Diego Magdaleno discusses camp for Davis vs Santa Cruz PPV undercard
Former world title challenger Diego Magdaleno shared insights into his training camp as he nears an IBF Lightweight Title Eliminator bout against Isaac Cruz that kicks off SHOWTIME PPV (9 p.m. ET/6 p.m. PT) action on Saturday, October 31 from the Alamodome in San Antonio in an event presented by Premier Boxing Champions.
“This is my second fight working with ‘Bones’ Adams out of his gym in Las Vegas,” said Magdaleno. “I’ve actually known him since I was nine-years-old, so I consider him like my best friend. I trust him with my life. I’ve spent some time training for this fight in Scipio, Utah too, pulling hay bales and doing all sorts of interesting drills. I’ve gotten in some good sparring here in Vegas, and I even went out to California for some sparring, too.
“I was on one of the last fight cards pre-pandemic, and I’m honored to be on the first fight card with a live crowd since the pandemic began. It’s been a hectic year, but I’m happy with where things are for me heading into this fight. Coach Adams has been doing a great job with training, but he also handles my strength and conditioning. He’s got a huge gym with a lot of motivated fighters and it’s great to be around that kind of atmosphere. And my fiancé has been handling my nutrition for my last four fights. So, it’s great to have her involved also.”
Magdaleno returns to action after upsetting Austin Dulay in Dulay’s hometown of Nashville, Tenn. in February, dropping him in round seven on his way to a 10-round unanimous decision. He credits his team in training camp for the impressive performance against Dulay.
“I’ve always taken pride in being a professional, but I learned that I can be very dangerous with the right team around me,” said Magdaleno. “I went into that fight kind of being considered a steppingstone for Dulay, but I showed that I’m still a strong fighter. People counted me out and they made a mistake. I’m just super happy that I found Coach Adams and got a proper team organized around me. I was able to change people’s minds with just one fight. Now I’m in a title eliminator, and with a win on October 31, I’ll have my third shot at a world title.”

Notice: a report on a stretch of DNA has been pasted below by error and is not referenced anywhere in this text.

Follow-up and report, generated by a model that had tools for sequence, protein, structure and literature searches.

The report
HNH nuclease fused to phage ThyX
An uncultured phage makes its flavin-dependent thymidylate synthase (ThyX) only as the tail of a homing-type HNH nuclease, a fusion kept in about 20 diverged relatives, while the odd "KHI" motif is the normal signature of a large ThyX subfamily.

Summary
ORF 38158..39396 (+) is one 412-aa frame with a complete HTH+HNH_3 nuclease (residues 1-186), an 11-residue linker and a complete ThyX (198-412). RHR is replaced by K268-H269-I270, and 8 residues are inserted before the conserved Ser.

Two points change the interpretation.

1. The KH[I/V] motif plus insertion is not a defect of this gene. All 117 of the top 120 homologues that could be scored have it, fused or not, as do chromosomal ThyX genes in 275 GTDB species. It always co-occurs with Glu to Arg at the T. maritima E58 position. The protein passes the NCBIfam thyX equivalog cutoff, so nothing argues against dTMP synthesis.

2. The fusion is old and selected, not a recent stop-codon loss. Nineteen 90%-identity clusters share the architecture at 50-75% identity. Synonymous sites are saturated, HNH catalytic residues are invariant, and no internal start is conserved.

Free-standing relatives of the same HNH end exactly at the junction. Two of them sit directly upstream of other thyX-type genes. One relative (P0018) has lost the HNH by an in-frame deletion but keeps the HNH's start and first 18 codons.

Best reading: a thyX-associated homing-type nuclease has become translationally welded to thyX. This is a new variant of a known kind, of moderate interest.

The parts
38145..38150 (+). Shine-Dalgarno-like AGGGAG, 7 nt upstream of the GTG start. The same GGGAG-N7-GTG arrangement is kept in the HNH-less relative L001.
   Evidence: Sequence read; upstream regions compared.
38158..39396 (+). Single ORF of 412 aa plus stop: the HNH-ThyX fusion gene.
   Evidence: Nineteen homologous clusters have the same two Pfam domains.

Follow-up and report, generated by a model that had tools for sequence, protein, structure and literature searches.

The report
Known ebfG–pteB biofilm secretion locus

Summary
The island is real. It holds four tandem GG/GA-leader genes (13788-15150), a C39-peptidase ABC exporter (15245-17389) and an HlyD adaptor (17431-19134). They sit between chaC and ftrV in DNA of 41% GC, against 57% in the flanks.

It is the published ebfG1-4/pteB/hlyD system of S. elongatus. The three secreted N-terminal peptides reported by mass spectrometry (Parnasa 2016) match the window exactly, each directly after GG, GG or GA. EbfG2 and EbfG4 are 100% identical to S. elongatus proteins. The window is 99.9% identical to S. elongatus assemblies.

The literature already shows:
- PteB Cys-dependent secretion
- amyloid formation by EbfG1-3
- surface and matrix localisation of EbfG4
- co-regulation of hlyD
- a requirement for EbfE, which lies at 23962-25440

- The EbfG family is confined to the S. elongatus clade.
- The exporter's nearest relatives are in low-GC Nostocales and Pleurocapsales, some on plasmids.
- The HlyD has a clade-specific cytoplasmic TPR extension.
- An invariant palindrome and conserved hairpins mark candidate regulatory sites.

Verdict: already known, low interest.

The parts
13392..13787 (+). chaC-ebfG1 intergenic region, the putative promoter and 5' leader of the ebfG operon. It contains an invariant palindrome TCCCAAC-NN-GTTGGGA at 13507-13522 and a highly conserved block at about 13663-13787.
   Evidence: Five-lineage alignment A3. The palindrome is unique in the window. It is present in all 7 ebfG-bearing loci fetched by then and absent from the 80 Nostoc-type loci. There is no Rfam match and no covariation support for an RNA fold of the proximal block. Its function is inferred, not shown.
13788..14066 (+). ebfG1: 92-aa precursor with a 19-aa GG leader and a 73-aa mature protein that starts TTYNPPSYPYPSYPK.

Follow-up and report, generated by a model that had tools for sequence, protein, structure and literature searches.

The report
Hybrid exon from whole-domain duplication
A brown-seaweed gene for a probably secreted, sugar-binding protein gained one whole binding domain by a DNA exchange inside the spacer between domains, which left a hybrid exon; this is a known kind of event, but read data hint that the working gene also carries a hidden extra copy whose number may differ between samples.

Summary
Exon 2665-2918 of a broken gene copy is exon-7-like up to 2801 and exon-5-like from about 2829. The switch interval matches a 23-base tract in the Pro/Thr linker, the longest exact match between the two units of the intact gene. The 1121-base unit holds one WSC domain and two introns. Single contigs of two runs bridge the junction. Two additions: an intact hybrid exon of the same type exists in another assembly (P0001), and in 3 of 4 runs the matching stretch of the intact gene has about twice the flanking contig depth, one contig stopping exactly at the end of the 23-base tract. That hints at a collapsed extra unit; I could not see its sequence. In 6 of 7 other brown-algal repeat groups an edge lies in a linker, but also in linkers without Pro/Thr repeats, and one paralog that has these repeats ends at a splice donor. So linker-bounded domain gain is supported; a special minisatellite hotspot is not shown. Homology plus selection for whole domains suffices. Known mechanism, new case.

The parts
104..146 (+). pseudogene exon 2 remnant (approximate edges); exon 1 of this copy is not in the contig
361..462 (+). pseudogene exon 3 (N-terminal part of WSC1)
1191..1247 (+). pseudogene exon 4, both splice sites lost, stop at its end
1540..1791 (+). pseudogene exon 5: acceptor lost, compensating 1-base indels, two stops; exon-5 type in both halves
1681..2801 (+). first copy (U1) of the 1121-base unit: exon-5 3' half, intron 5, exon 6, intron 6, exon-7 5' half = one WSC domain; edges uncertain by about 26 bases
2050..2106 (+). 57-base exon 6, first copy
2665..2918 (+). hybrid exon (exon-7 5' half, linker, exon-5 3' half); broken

The 33-year-old has come up short in his most high-profile fights to date, dropping title bouts to Terry Flanagan and Roman Martinez, in addition to a 2019 loss against current lightweight champion Teofimo Lopez. With those experiences and an improved training structure around him, Magdaleno believes the lessons he’s taken from those fights will be instrumental going forward.
“The biggest thing that I’ve learned is to stay calm,” said Magdaleno. “When I start thinking too far ahead, that’s when things go wrong. Coach Adams has a great way of keeping me grounded and composed. He knows how to simplify things for me and communicate exactly what I need to do, which makes it less stressful for me. And we’ve done some other things, like correcting my footwork and the angles that I use.”
In the 22-year-old Cruz, Magdaleno will be opposed by a fast-rising and exciting Mexican fighter looking to make a mark in his biggest fight to date. With an 11-year age gap, Magdaleno plans to use his extensive experience to his advantage on October 31.
“Cruz is something I’ve seen before,” said Magdaleno. “I’ve fought lots of Mexican-style fighters like him who don’t have a lot of technical skill but possess a come-forward style. So, I think I’ll be able to go back to what I know. I’ll just have to stay fluid and pick Cruz apart. He’s a guy who likes to fight on the inside and throw lots of overhand punches and hooks. I’ll break him down like I did my last opponent.”
Magdaleno will look to continue his career renaissance against Cruz and put himself back on track for another world title opportunity. With all that he’s been through during his career, Magdaleno remains highly motivated to prove critics wrong and achieve his goal of becoming a world champion.
“What I know is that when everyone counts you out, you just have to believe in yourself,” said Magdaleno. “When I decide to hang up the gloves, it’ll be because I want to, not because others say I should. I have my confidence back now and I’m very happy with where I’m going.
Being one shot away from the title that I dreamed of as a child is a huge motivating factor for me. And I fight for my family, too. I’m a different person now. I’m more mature and I think I’ll be able to prove that to people in this fight.”